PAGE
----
India's effective engagement in Tanzanian agriculture that include the need for ... developing world (e.g. India) through enhanced links in trade, investments, ..... Nations University Press, New York, pp 106-127. Escorts. (2010). News and.

  20. Agricultural Chemical Sourcebook for Wildlife Contaminants Specialists

    Data.gov (United States)

    US Fish and Wildlife Service, Department of the Interior — The purpose of this handbook is to provide information to contaminant specialists involved in evaluating agricultural chemical impacts on wetlands. The handbook...

  1. Department of Agricultural and Biosystems Engineeri

    African Journals Online (AJOL)

    USER

    2015-01-03

    Jan 3, 2015 ... Department of Agricultural Engineering, Landmark University, Omuaran, ... of operation was very low compared to the theoretical efficiency .... They produce food crops as well as cash .... efficiency and unit yield of the field.

  2. Agricultural Mechanization in Ethiopian: Experience, Status and ...

    African Journals Online (AJOL)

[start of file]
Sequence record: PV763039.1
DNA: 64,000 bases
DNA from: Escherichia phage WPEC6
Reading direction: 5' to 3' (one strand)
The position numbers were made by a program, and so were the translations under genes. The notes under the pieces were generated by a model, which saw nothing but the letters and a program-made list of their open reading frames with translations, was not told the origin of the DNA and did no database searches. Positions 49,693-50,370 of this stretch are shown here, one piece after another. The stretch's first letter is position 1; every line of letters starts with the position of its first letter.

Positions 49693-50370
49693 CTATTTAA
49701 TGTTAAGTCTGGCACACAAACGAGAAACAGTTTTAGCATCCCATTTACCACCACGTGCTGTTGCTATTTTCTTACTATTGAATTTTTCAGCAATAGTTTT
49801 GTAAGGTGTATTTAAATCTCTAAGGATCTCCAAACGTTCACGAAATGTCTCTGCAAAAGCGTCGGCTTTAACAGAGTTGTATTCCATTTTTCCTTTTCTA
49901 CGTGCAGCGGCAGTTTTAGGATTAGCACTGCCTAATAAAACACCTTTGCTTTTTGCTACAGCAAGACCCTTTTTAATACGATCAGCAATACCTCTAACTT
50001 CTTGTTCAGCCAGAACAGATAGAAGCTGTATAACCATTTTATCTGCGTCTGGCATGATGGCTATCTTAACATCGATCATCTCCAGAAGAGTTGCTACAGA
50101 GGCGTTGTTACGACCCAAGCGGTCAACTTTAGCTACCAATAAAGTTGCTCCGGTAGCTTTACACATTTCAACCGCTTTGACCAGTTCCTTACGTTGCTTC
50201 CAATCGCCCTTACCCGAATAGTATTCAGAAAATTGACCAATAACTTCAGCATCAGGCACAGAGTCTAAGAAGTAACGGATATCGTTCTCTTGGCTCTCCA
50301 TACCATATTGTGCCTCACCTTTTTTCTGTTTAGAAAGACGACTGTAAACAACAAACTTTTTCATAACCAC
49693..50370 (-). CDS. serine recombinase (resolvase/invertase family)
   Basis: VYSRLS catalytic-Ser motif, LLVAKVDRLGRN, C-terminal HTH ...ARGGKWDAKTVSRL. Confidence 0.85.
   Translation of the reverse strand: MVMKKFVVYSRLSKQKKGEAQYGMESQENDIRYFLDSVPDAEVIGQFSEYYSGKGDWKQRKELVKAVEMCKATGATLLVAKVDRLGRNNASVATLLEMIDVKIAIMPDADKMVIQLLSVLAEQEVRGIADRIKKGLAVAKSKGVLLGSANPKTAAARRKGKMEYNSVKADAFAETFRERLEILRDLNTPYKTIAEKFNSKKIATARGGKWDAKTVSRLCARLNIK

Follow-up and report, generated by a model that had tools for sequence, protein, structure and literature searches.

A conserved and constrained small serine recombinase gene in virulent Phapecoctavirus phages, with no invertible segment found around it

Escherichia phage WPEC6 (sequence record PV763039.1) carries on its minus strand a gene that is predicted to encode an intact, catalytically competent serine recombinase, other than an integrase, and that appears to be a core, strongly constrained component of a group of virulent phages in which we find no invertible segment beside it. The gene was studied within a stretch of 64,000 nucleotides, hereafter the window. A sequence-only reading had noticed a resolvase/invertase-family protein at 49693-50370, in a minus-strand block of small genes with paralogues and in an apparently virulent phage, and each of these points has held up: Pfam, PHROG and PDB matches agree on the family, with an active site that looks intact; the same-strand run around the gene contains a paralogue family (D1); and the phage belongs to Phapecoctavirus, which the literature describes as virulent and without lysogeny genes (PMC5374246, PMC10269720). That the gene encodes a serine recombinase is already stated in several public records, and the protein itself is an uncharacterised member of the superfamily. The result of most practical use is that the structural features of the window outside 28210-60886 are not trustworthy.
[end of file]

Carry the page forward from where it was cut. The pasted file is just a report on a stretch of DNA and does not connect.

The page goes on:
friew

    hectares even in sub moist zones where the window of operation time does not .... were established because of the pressing need for increased food crop production. ... The unit was a division in the Agricultural Engineering Department mainly ...

  3. Perceived Effect of Agricultural Transformation Agenda on ...

    African Journals Online (AJOL)

    User

    ... CABI and Scopus http://www.ajol.info/index.php/jae ... This study assessed the perceived effect of Agricultural Transformation. Agenda (ATA) on .... environmental constraints, corruption and lack of viable development to rural areas as a ...

  4. Percent Agricultural Land Cover on Steep Slopes

    Data.gov (United States)

    U.S. Environmental Protection Agency — Clearing land for agriculture tends to increase soil erosion. The amount of erosion is related to the steepness of the slope, farming methods used and soil type....

  5. Sustainable agriculture development through effective farmer groups

    African Journals Online (AJOL)

    Sustainable agriculture development through effective farmer groups. ... group is influenced by the skills of the group promoter and the adherence to certain ... through the different stages of group development and social capital formation.

  6. Linking soil biodiversity and agricultural soil management

    NARCIS (Netherlands)

    Thiele-Bruhn, S.; Bloem, J.; de Vries, F.T.; Kalbitz, K.; Wagg, C.

    2012-01-01

    Soil biodiversity vastly exceeds aboveground biodiversity, and is prerequisite for ecosystem stability and services. This review presents recent findings in soil biodiversity research focused on interrelations with agricultural soil management. Richness and community structure of soil biota depend